Saturday 17 March 2018

The attack

Jamesie O'Connor

Tipperary: Should be bracing themselves for as intense and physical an afternoon as any forward line is ever likely to experience, but I think there's enough character there to withstand whatever Kilkenny throw at them.

At their mesmerising best in Munster, and especially in the Munster final, they were surprisingly well contained by Dublin's sweeper system, three weeks ago.

They are unlikely to open up Kilkenny as easily as they did last year, and may have to show a lot of patience before the dam eventually breaks, if at all.

The key will be their work-rate and willingness to keep making the hard runs off the ball that created the holes 12 months ago.

Lar Corbett remains the talisman, and has carried the form of last autumn into 2011. Eoin Kelly too, up to the semi-final, had been enjoying genuinely good form, and in a contest where scores may very well end up at a premium, can boast the proud record of having never missed a free in an All-Ireland final. As well as the leadership they provide, this pair set the standard for the rest of the Tipperary attack, and if they get enough of the ball, in the right areas, Tipp will win.

That of course will be the challenge, because space will be at a premium. Outside of Kelly and Corbett, Tipp have genuine class in both Noel McGrath and Seamus Callanan.

McGrath's selection at centre-forward creates a headache for Kilkenny, because he takes watching and will punish Brian Hogan if he plays a covering rather than tight-marking role. Callanan is capable of brilliance but producing it in the type of environment Kilkenny are likely to create is another thing.

In the end, it could be John O'Brien or Bonnar Maher who ultimately cracks the code and makes the difference.


Looking at the Kilkenny half-forward line that took the field in each of the last two games, it's easy to imagine Brian Cody picking the team with today in mind. The Tipp half-back line have hurt Kilkenny in the last two finals, and a similar level of dominance today would be fatal to Kilkenny's chances. Eddie Brennan's selection is a surprise, given Michael Rice's form at number ten all year, but he's obviously worked hard and brings a ton of experience. It may also reflect the management's lack of faith in TJ Reid, who appears to have lost form at the wrong time. Kilkenny may well shuffle the deck anyway and if Eoin Larkin starts on the wing, it's a clear indication they have decided to load the middle third with their best ball-winners, gamble on winning the lion's share of possession, and take their chances from there.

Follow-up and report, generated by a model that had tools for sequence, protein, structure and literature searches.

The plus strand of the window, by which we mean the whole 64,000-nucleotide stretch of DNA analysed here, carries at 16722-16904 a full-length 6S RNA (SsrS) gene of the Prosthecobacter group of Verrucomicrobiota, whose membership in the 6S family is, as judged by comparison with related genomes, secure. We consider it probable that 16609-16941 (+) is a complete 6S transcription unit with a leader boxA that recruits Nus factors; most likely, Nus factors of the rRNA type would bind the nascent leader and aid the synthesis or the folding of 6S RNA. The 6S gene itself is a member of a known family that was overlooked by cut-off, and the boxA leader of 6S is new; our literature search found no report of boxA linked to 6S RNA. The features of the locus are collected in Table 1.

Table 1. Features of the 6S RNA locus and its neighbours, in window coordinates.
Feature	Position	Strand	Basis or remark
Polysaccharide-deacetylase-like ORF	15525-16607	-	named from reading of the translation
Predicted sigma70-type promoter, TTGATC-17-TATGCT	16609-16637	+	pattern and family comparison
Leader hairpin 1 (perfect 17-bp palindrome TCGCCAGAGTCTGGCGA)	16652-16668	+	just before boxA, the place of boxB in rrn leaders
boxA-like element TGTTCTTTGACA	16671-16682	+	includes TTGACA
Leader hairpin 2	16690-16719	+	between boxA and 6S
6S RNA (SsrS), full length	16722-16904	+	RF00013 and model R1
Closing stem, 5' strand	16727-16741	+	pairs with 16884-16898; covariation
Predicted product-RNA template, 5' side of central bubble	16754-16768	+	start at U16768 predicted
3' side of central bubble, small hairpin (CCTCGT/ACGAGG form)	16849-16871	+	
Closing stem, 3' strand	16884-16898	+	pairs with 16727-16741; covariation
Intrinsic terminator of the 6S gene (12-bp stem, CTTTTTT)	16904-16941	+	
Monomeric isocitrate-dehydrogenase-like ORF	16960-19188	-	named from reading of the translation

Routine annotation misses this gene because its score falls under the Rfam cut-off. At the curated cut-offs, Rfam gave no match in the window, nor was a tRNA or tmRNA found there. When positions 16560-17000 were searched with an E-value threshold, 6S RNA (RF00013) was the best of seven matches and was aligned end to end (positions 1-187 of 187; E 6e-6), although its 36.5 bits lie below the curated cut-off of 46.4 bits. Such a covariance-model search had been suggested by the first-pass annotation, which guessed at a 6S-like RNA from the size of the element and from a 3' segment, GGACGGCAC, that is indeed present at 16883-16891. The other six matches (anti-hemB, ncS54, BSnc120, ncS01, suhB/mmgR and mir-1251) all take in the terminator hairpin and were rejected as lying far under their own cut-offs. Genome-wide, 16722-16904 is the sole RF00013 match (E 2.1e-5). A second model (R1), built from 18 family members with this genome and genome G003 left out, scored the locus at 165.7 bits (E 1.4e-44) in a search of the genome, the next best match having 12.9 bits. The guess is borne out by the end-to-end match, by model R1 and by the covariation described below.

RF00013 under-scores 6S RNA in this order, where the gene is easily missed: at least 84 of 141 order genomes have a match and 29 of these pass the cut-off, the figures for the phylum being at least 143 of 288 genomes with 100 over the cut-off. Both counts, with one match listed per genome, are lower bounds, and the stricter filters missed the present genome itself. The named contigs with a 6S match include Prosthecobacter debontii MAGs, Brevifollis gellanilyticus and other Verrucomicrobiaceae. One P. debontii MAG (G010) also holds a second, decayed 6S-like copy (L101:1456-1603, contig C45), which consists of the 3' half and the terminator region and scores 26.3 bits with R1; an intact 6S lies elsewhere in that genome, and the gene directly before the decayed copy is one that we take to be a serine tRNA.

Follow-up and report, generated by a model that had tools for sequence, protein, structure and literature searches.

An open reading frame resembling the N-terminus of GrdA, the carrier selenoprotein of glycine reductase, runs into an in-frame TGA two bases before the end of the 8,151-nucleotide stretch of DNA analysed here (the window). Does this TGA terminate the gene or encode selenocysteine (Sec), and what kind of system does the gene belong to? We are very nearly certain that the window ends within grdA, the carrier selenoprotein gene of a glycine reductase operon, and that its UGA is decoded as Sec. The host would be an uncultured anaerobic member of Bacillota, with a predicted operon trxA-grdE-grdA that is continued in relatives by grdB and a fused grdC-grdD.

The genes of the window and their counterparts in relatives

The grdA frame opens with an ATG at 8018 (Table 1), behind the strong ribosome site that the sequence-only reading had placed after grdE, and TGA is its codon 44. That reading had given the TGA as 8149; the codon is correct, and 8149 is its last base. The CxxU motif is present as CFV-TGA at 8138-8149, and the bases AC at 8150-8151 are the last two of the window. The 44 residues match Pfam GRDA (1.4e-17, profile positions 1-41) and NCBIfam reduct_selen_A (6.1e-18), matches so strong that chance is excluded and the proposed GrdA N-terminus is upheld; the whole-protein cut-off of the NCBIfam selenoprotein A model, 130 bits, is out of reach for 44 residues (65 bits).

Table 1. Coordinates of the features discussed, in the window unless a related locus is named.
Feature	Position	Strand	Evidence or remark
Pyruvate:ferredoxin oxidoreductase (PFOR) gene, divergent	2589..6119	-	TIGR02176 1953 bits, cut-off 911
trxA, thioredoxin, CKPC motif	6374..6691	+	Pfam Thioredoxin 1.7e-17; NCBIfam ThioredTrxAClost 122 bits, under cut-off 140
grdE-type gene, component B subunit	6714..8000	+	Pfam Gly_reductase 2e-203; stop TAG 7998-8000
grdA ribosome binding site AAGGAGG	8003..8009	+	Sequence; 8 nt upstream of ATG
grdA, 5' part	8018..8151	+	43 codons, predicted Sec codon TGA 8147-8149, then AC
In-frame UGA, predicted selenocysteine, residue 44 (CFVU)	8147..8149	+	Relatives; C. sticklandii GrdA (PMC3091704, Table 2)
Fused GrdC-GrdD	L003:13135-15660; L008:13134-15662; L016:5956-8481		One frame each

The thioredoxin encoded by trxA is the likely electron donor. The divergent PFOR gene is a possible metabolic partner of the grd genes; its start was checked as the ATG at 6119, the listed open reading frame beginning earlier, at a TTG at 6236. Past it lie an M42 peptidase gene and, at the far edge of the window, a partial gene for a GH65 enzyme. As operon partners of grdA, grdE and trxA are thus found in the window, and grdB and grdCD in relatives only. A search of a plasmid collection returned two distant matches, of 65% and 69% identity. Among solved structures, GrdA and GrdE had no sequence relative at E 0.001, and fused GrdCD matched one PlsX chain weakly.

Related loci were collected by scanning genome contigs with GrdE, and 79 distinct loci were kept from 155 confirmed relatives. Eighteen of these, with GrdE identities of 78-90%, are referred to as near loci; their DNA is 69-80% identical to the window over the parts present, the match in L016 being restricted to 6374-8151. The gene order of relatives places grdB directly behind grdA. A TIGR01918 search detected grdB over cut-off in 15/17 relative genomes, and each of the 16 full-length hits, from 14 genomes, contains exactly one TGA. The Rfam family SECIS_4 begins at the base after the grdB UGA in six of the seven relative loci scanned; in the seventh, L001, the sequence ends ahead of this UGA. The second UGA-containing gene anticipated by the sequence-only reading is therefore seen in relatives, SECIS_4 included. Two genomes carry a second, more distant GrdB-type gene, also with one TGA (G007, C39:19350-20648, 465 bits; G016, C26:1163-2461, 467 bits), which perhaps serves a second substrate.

While Shefflin may have lost a half yard of pace, he's still a phenomenal player. Looked back to his best in the Leinster final, and is still the main man in attack. While Richie Power has been a provider rather than a finisher to date, there's no doubting his scoring ability. He assumed a lot of responsibility in last year's final in Shefflin's absence, and has become a central player. A key battle looms with O'Mahony on the 40.

As ever, Richie Hogan remains frustratingly inconsistent -- capable of brilliance one minute, with superb goals against both Wexford and Waterford, and woeful decision-making and shooting the next. He can't afford to be wasteful today.

Hogan, Colin Fennelly and whoever else Kilkenny deploy in the inside line are likely to have more space than their Tipp counterparts at the other end. If that's the case, goals may be on the agenda.

The bottom line is that if the Kilkenny half-backs and midfield get on top, these forwards will see enough ball to amass a winning tally.

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